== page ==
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I have one table things full of items listed by ItemID. Given an ItemID, I need to get the record with the ItemID and all other items with the same name.

In the sample data below, given the ItemID of 1, I need to select all records with the same name (in this case, "poptarts") as ItemID 1, including the record with ItemID 1.

ItemID = 1 name = poptarts
ItemID = 7 name = poptarts
ItemID = 8 name = cheddar
ItemID = 323 name = poptarts

select a.ItemID, a.name from things where a.ItemID = '1'
select b.ItemID, b.name from things where b.name = a.name

The SQL I've written above however does not pass a.name to the second select. Is there any way to pass the first name value to the second select? I would like for the statement to return itemid = 1 as the first row and 7 and 323 as the other rows.

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where do you have to try this? –  luchosrock Dec 19 '12 at 20:55

4 Answers 4

up vote 3 down vote accepted

UNION is only really used to concatenate two distinct sets. Based on your example, you could probably do something like this:

SELECT a.ItemID, a.Name
FROM things a
WHERE name IN (SELECT name FROM things WHERE itemID = 1)

There are lots of ways to write this kind of query and will depend on which flavor of SQL you're using but this should be more or less universal.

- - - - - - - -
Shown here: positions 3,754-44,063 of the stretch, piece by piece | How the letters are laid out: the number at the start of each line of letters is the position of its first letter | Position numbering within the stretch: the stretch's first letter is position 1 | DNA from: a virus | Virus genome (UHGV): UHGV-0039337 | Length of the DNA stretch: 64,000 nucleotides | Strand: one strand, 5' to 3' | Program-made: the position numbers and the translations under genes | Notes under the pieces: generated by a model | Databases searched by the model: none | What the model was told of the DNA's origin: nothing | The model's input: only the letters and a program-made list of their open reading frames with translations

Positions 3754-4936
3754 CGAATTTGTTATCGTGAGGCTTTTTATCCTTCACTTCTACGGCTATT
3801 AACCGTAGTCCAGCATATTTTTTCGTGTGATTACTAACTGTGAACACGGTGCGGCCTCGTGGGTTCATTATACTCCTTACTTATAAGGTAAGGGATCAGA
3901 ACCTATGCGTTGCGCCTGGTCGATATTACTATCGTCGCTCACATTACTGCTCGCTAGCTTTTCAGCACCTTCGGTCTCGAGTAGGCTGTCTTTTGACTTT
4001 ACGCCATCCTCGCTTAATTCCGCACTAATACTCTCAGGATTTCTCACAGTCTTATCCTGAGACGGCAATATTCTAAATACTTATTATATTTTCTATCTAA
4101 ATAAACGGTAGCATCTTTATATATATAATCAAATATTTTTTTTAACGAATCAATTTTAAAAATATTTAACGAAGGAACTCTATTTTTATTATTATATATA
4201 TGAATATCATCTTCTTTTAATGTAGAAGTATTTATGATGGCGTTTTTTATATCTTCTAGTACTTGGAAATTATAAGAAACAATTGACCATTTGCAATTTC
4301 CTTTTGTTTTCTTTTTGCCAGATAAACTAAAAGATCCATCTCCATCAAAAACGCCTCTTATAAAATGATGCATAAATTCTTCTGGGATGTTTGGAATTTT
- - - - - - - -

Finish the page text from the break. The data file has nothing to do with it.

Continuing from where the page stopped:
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This returns every row. ItemID 1, ItemID 2, ItemID 3, all all items have different names. –  BearSkyview Dec 19 '12 at 21:58
D'oh... Of course it does. I made an edit –  Code Magician Dec 19 '12 at 22:02
The edit only returns the row with id = 1... –  BearSkyview Dec 19 '12 at 22:05
so what happens if you take out the subquery and just put in the name value i.e. SELECT a.itemID, A.name FROM Things a WHERE Name = 'poptarts' –  Code Magician Dec 19 '12 at 22:11
That returns what I want, just not by item id passed in. –  BearSkyview Dec 19 '12 at 22:18
  things a
where a.name in (
  select name
  from things b
  where b.itemID = '1'
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SELECT this.name, this.id, that.id
FROM thing this
LEFT JOIN thing that ON that.name=this.name AND that.id <> this.id
WHERE this.id = 1

NOTE: this also selects the this-rows that have no twin records; in that case the that.id will be NULL. If you want to suppress the records without twin-records, remove the LEFT.

UPDATE: added the id <> id clause to suppres the obvious match.

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If you really only have one table, no need to bring it in twice, UNION, or anything fancy like htat.

    a --assuming this is your only table
    itemID, name
    itemID = '1'
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